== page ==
But an undefined amount in scholorships? Should totally smooth things over.

`Awa Circle + Talk Story with Kealoha Pisciotta

Posted by kahea at Jul 14, 2008 09:02 PM |

We heart Kealoha Pisciotta and we’re excited to have her in town! We’ll be talking story and sharing `awa at StudioBe in Chinatown with Kealoha on July 25, 2008.

She’ll be speaking and screening excerpts from Mauna Kea: Temple Under Siege, a film by Na Maka o ka `Aina. We’ll be talking with Kealoha about her experiences and activism in protecting of the sacred summit of Mauna Kea from development. Today, the IFA and a consortium of international institutions has a multi-million dollar proposal to build the largest telescope in the world on the last pristine plateau of Mauna Kea.

`Awa Circle + Talk Story: Sacred Landscapes
Friday, July 25, 2008
7PM to whenever pau
at StudioBe
corner of Beretania + Smith
63 N. Beretania St., 2nd Floor

A Hilo girl, cultural practitioner and former telescope tech, Kealoha’s tireless activism has helped to protect Mauna Kea’s sacred summit from unmitigated telescope development. She is the president of Mauna Kea Anaina Hou.

Mauna Kea, on the island of Hawai’i, is sacred as an elder ancestor and kinolau (physical embodiment) of spiritual deities. The summit area is also ecologically unique, and home the endemic weiku bug, which feeds on insects blown to the summit by updrafts.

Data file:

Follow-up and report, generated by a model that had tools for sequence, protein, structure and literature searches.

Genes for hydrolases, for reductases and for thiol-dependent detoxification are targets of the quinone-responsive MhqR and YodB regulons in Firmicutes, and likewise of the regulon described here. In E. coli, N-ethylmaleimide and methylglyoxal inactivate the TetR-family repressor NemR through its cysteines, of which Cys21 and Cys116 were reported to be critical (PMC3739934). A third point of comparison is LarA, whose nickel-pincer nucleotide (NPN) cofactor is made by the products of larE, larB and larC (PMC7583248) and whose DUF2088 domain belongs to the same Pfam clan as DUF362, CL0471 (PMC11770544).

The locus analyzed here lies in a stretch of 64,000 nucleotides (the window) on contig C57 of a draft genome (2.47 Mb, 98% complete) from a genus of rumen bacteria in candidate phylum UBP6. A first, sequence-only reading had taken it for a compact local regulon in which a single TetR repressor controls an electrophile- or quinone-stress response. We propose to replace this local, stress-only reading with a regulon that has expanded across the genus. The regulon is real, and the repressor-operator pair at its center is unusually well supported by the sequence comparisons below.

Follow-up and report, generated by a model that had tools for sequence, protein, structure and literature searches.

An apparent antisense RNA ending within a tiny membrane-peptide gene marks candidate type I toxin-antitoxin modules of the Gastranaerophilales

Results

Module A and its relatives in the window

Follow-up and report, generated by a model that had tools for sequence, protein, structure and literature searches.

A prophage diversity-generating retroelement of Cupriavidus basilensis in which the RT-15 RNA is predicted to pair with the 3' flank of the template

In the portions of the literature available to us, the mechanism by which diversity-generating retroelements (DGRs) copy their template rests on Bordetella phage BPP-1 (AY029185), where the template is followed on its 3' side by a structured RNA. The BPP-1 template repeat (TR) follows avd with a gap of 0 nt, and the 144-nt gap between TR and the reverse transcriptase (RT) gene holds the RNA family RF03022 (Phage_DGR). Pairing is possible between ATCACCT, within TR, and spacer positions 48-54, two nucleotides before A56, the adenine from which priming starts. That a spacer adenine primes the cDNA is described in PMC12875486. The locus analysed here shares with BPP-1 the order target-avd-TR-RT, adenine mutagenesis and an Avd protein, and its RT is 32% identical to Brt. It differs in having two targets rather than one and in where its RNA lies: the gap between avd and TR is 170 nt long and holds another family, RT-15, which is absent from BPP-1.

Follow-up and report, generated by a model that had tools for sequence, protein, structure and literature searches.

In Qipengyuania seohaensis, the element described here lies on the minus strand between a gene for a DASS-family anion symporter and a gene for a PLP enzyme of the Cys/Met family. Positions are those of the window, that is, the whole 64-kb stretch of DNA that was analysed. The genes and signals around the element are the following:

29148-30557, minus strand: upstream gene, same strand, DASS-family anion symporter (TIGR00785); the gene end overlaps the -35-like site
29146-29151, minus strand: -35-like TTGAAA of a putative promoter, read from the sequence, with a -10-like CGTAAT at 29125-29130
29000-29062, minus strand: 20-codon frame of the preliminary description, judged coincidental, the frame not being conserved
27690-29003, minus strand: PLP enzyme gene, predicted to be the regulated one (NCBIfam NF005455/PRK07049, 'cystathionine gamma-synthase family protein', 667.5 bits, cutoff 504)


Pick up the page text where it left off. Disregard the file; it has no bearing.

Today, thirteen telescopes and support facilities crowd the sacred landscape of Mauna Kea. Even after 30 years of community opposition, a consortium of institutions led by the UH Institute for Astronomy (IFA) continues to propose new telescope construction. Today, over 1,000 individuals regularly drive to telescopes on the summit, leaving behind some 500,000 gallons of human waste toxic chemicals such as ethylene glycol and liquid mercury over the Big Island’s only aquifer.

13 of the richest nations in the world currently pay only $1 per year for their use of the sacred summit.

Construction has damaged and leveled the peaks, spewing dust and facilitating human intrusion that is wreaking havoc on this fragile and unique Hawaiian ecosystem. These impacts, coupled with the introduction of invasive predatory arthropods, are decimating populations of the wekiu bug, one of 11 endemic and imperiled species that call the mountain home.

“If we say yes to more development, we are saying yes to the desecration of our temple and our ancestors, yes to the destruction of our waters, and yes to the possible extinction of life itself.” – Kealoha Pisciotta